The cormorant wasn’t as confusing to me growing up as the coney, but I didn’t get a clear picture of what kind of bird the Bible was talking about for a long time. That is, until I went out to Key West and learned a thing or two about Chinese fishermen!
One Summer my family was in Florida on vacation and my mom decided to drive us out to Key West before heading home. It is an amazing experience if you ever have a chance to get there. You can feel how small our home on dry land is without having to put on a life vest.
Along side the bridges hopping from island to island stood tall power lines stretching out on the south side. Many of these cables were being used as resting places for large black birds. Some of them held their wings out to the side, sunning themselves? I didn’t know just what they were doing.
On the same trip, I learned about the ancient fishing technique from eastern Asia of using diving birds to catch fish. These dark birds had rings fastened around their necks to keep them from swallowing large fish, which they were sent out to catch. When the bird caught one, it would return to the fisherman who would pull the fish out and give it a chopped fish reward. Sounded like good teamwork to me!
It was only later I realized these birds were the same kind, the cormorant from the Bible. How exciting to know what I had seen in North America and the videos of people in the Far East were things we had in common with Moses & Co.
There are some great websites where you can learn all kinds of details about the cormorant family. I’m just going to mention the coolest and send you on to learn more:
- All the “detestable” birds God warned the Israelites not to eat are meat eaters. The cormorant only eats fish and eels.
- The cormorant doesn’t make
enough oil to keep its feathers water proof. This is a good thing when diving deep underwater, but that’s why it spreads its wings to dry afterwards. It’s hard to fly with sopping feathers!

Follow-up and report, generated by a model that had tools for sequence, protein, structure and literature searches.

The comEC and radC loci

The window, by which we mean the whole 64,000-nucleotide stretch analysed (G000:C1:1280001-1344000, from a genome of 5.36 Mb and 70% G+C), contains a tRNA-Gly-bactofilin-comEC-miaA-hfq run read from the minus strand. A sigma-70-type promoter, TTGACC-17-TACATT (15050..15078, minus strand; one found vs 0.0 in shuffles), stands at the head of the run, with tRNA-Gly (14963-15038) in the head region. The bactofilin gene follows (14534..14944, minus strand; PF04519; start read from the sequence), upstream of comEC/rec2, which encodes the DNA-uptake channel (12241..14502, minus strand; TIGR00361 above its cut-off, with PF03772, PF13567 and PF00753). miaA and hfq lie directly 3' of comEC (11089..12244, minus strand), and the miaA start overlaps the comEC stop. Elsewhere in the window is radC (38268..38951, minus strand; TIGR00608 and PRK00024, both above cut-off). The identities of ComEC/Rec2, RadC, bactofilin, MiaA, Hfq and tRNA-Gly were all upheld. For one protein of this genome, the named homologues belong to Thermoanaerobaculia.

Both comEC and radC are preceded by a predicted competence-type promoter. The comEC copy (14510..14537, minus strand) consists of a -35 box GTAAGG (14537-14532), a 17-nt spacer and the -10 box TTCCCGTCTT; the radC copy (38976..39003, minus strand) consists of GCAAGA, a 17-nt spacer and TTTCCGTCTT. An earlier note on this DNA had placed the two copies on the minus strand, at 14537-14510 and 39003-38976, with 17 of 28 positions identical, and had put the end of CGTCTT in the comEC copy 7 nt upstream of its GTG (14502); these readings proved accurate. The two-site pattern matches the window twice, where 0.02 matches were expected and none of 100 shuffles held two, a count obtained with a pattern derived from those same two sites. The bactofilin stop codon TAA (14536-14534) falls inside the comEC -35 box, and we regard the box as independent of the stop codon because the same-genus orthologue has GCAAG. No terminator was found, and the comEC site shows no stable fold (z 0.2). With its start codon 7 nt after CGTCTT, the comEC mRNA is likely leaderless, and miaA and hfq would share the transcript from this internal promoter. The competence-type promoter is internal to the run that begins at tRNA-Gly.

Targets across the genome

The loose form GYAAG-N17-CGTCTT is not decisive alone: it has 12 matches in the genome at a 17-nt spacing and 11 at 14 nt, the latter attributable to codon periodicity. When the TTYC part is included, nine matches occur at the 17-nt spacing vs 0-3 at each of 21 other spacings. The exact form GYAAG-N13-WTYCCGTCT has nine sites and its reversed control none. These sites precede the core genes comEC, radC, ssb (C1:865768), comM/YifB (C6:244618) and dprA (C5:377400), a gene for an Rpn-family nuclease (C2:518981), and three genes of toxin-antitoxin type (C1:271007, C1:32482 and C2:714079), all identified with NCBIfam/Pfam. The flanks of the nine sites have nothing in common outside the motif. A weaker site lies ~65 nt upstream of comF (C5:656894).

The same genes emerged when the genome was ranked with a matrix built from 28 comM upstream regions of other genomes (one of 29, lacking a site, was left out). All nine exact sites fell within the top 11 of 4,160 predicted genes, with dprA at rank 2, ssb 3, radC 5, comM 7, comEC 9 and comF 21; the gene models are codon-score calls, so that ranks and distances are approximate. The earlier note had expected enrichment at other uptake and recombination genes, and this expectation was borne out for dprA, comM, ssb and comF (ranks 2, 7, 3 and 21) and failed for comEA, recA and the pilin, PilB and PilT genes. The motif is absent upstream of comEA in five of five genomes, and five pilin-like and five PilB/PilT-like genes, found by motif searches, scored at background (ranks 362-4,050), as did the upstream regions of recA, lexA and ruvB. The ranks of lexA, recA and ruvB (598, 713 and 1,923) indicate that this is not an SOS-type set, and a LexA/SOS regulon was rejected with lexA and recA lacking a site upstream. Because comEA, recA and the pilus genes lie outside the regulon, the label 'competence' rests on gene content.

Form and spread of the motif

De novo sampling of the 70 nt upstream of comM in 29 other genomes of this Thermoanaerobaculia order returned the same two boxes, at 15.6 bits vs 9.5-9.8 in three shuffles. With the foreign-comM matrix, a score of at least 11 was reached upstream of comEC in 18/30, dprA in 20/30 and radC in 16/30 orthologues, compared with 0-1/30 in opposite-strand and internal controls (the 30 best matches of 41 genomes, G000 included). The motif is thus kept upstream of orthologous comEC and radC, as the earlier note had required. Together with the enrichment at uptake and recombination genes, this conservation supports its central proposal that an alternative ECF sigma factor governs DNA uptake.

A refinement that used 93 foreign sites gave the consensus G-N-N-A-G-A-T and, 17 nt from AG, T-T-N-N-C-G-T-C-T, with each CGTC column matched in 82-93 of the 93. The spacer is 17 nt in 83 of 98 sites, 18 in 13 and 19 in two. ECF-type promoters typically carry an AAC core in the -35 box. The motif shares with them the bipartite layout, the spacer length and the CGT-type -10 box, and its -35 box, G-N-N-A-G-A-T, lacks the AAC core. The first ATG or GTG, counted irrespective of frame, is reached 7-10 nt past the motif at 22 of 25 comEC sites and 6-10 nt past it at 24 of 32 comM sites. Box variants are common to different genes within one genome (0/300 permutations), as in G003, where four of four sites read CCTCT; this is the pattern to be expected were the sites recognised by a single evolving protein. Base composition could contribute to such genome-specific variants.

- Varieties of cormorant are found everywhere with lots of fish around the world except mid-Pacific islands. There are some who winter in Florida and come up to northern Michigan, Canada, and over to the Dakotas to hang around the large (and Great) lakes up here.
- Being so far from the ocean tells us they don’t care about salt or fresh water. They just care about fish! In fact, scientists are pretty sure they’ve done extra well since the alewives swam up the Welland Canal from Lake Ontario.
- When there isn’t a convenient cliff, lighthouse, or sheltered pile of rocks to nest in, cormorants roost in trees. Unfortunately, their droppings are so rich and acidic, it kills the trees.
- Cormorants are hard to sort neatly into species; partly because they only have fancier colors and feathers when it’s time to attract the ladies. Some of them near the bottom of the world have more varieties of color (like this black and white one) than the plain black ones.
- For centuries, Europeans called these birds “sea ravens”, probably because they are the same color.
Here are some of the most interesting sites to learn more about the cormorant:
Lee’s Birds: Birds of the Bible- Cormorant (with a short video of cormorant fishing)
CORMORANTS Phalacrocoracidae by Don Roberson (lots of great pictures plus info. He shares extra about his local California neighbors)
Arkive: Cormorant– a whole slide show of photos and basic info
Some local pages about cormorants:
Double-crested Cormorant United States and Canada
Ireland- Cormorant with a map of where they like to hang out
New Zealand (where they often go by the name of “Shag” from their head feathers) There’s a lot of info on these 5 pages. You’ll need to click on some of the pictures to see them properly